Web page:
By Ruder Ware Alumni
May 24, 2007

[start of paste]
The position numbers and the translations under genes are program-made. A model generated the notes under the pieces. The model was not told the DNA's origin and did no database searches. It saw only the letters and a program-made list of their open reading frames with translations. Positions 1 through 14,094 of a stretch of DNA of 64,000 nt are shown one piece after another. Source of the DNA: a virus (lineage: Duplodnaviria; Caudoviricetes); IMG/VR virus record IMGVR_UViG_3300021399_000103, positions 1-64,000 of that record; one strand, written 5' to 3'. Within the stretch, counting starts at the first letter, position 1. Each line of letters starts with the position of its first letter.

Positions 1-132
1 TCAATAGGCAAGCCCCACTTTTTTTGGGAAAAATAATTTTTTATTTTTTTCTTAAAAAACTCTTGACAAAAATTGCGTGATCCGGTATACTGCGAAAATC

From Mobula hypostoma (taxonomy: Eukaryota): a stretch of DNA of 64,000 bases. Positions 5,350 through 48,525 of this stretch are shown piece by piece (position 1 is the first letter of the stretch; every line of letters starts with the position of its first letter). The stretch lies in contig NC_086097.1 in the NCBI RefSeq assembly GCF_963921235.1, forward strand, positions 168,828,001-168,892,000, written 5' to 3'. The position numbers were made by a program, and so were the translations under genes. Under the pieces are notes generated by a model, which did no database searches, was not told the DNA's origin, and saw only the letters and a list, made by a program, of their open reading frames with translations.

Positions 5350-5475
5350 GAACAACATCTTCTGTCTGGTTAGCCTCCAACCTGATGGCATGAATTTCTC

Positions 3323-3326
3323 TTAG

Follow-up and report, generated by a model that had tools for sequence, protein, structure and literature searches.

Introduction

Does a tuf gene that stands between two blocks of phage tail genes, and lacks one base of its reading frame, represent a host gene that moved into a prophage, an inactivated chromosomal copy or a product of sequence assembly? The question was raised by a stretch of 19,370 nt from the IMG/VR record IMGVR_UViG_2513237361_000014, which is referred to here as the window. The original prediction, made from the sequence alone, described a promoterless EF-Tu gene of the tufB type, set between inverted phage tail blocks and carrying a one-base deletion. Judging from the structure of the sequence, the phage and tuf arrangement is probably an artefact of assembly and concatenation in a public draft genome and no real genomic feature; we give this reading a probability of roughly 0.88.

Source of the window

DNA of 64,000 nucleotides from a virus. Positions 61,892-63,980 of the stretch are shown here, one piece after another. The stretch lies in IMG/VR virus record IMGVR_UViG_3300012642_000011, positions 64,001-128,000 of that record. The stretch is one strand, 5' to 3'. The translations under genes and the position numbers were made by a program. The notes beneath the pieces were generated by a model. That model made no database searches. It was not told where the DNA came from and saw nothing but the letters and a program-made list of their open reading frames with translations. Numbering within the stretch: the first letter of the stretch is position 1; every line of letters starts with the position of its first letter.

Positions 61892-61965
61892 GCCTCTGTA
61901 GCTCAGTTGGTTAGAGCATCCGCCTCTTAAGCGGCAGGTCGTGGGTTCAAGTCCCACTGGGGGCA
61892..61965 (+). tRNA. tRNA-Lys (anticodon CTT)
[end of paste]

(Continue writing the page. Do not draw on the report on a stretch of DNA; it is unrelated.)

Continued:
The Seventh Circuit Court of Appeals, whose jurisdiction encompasses Wisconsin, recently issued a decision under the Family and Medical Leave Act of importance for employers. In Burnett v. LFW, Inc., Case No. 06-1013 (12/26/06), a janitor filed a claim against his former employer, the Habitat Company, alleging the employer had violated the federal Family and Medical Leave Act. In October of 2003, the employee, Burnett, informed his employer that he was experiencing medical difficulties. Burnett was offered a transfer to a different facility but he declined that offer because he had a “weak bladder” and, with the transfer, it would be further from the restrooms. After a week-long absence, Burnett again spoke with his supervisor about his health. Burnett gave his supervisor a doctor’s note for blood testing to justify some of his absence. Burnett also explained to his supervisor that during the time he was absent from work, he visited his doctor, underwent a physical examination, and learned that he had two serious health problems – high Prostate-Specific Antigen and high cholesterol levels. Burnett informed his supervisor of his upcoming doctor’s appointments and the need to see a urologist. Subsequently, Burnett advised his supervisor that he would be undergoing a prostate biopsy and gave one of his supervisors a document describing the prostate ultrasound and biopsy procedures. Approximately one week later, the supervisor issued Burnett two written reprimands. The first reprimand accused Burnett of wasting Company time by disrupting another employee’s work. The second reprimand accused Burnett of being disruptive during a conversation he had with his supervisor regarding his upcoming doctor appointments. Burnett filed a union grievance and, on advice of his union representative, he did not return to work until the day of a meeting between union officials and Company officials on the grievance. Burnett was then issued a third reprimand for missing work for three days and was suspended for three days without pay. At the union meeting, Burnett told his supervisor and others that he was scheduled to have a biopsy the following day. Burnett underwent the prostate biopsy. The following day, Burnett gave Company officials a document entitled “Treatment Plan,” confirming that he had had a biopsy and providing instructions to avoid heavy lifting or strenuous activity following the biopsy. His request for light duty was ignored. The same day, Burnett submitted a previously approved vacation request for the second week of February. The next day, he submitted an additional vacation request for the first week in February. On January 31, Burnett went to the emergency room due to complications from the biopsy. On February 2, the supervisor sent a letter to Burnett terminating his employment. On February 10, Burnett was diagnosed with prostate cancer. Burnett argued that the Company had interfered with the exercise of his FMLA rights. He asserted that the periods of time off that he requested were protected by the FMLA, that he was denied FMLA leave, and his termination violated the FMLA. The Company argued that Burnett had not provided it with specific notice of his request to use FMLA leave. The Court stated: